We caught up with Phil James, Chief Executive of the Institute of Leadership & Management and a judge at this year’s Association Excellence Awards to ask for his words of wisdom for fellow Association leaders:
What are the most important issues currently facing associations?
We live in an increasingly complex and uncertain world, where leadership and management practices of the past are not enough to equip people in any organisation to navigate to future success. This is true especially for associations, whose role it is to guide, assist, and add value to their members and member organisations. For me, one word sums up the primary challenge for our association sector: relevance; the need to remain valuable, trusted and indispensable to the people we serve.
What advice would you offer associations on how to overcome these issues?
It’s vital to remain open to challenge and change. The moment we sip into being an ‘ivory tower’ institution, where we’re overly concerned with our own processes and procedures, the closer we get to becoming out of touch with what’s happening more broadly in the world and therefore becoming less relevant to our members. Of course we have to have robust systems and a keen eye on quality, but we must remain curious to what could be better, what we’re being asked for by clients and what might be just around the corner.
How have you successfully maintained and grown your associations membership?
It’s an ongoing challenge, but membership is growing. In part, I think that’s down to getting the basics right – clear information, great products and services and friendly, accessible customer service. It’s also been about building profile, showing why we exist and how we’re making a difference. We focus a lot on engagement with our members – close, personal conversational engagement. That’s difficult and expensive for a large membership base, but absolutely vital in a day and age where we tend to assume that simple digital broadcasting of our messages will be enough to reach people and generate a sense of involvement in our community.
What commercial projects have really assisted in this?
We’ve invested in digital technology, but have been very careful to back this up with a genuinely personal touch. Everything we do leads to a conversation and we’re working hard to keep a great balance between great content, slick digital delivery and an authentically human touch.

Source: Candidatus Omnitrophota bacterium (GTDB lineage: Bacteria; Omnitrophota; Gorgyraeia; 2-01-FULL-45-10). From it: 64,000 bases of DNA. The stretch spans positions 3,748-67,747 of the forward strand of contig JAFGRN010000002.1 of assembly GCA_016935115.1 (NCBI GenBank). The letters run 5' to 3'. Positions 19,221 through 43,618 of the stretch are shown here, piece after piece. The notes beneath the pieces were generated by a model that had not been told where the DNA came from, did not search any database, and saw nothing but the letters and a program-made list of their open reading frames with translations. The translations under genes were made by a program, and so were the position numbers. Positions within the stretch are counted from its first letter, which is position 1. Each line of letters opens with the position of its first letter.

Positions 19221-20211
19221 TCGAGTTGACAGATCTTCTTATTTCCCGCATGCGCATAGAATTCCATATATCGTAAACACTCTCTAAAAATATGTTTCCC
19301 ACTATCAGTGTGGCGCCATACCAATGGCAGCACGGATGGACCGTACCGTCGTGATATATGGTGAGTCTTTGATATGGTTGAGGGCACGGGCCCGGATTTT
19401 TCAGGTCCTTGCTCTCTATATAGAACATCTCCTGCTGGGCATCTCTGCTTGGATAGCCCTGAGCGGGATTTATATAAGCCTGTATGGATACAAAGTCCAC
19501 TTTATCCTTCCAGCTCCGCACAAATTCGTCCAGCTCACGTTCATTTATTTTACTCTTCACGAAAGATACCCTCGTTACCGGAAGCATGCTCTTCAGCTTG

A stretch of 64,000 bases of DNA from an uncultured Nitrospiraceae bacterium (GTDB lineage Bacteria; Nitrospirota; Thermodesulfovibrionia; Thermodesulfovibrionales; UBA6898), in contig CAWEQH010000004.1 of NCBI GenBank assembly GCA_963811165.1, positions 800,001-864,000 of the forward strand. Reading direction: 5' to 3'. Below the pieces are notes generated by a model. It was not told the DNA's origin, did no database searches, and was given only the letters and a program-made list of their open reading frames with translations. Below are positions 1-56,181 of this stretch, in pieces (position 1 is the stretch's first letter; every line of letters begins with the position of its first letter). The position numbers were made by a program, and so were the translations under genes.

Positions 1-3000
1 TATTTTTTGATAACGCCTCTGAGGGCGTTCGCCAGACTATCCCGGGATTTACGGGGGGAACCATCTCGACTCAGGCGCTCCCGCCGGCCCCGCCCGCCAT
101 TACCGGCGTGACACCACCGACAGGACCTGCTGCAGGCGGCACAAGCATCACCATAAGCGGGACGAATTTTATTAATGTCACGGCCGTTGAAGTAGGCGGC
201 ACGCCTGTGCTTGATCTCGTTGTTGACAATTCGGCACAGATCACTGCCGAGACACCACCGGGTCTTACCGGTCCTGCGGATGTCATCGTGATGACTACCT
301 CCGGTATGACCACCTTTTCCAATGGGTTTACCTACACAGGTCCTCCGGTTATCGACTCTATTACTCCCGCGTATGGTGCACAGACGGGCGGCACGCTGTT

How has digitalisation impacted your association, both the work you do and how you engage with members?
There’s no doubt that our digital products and services have driven up engagement, since they have enabled people to use what we have around-the-clock, on-the-move in ways that are highly convenient to them in that moment. For leadership and management, that’s essential, I think, to take account of the unpredictable events that happen during the day that lead people towards us for advice, support and inspiration. So, better, more personalised service is one aspect. Digital technology has also improved our intelligence about how people are using their membership and what more they’d like us to be doing. For us, digital technology is an enabler, but not a silver bullet solution. We’re mostly concerned with connecting people through conversation and not replacing personal connections with technology. Leadership is a relational, human concept and too many of today’s organisations lose sight of the human dimension. We’re out to change that, not to replicate it.
As a judge for the 2019 Association Excellence Awards, why do you feel awards schemes such as the awards are valuable for associations?
The Association Excellence Awards are brilliant for shining a light on great ideas, practices and achievements, providing inspiration and motivation to anyone working in the sector. They’re a way of really galvanizing the collaborative spirit that we attempt to engender for our own body of members and remind us that we’re part of something bigger and more vital to society than we sometimes realise. I’m really looking forward to playing my part in judging this year’s entries.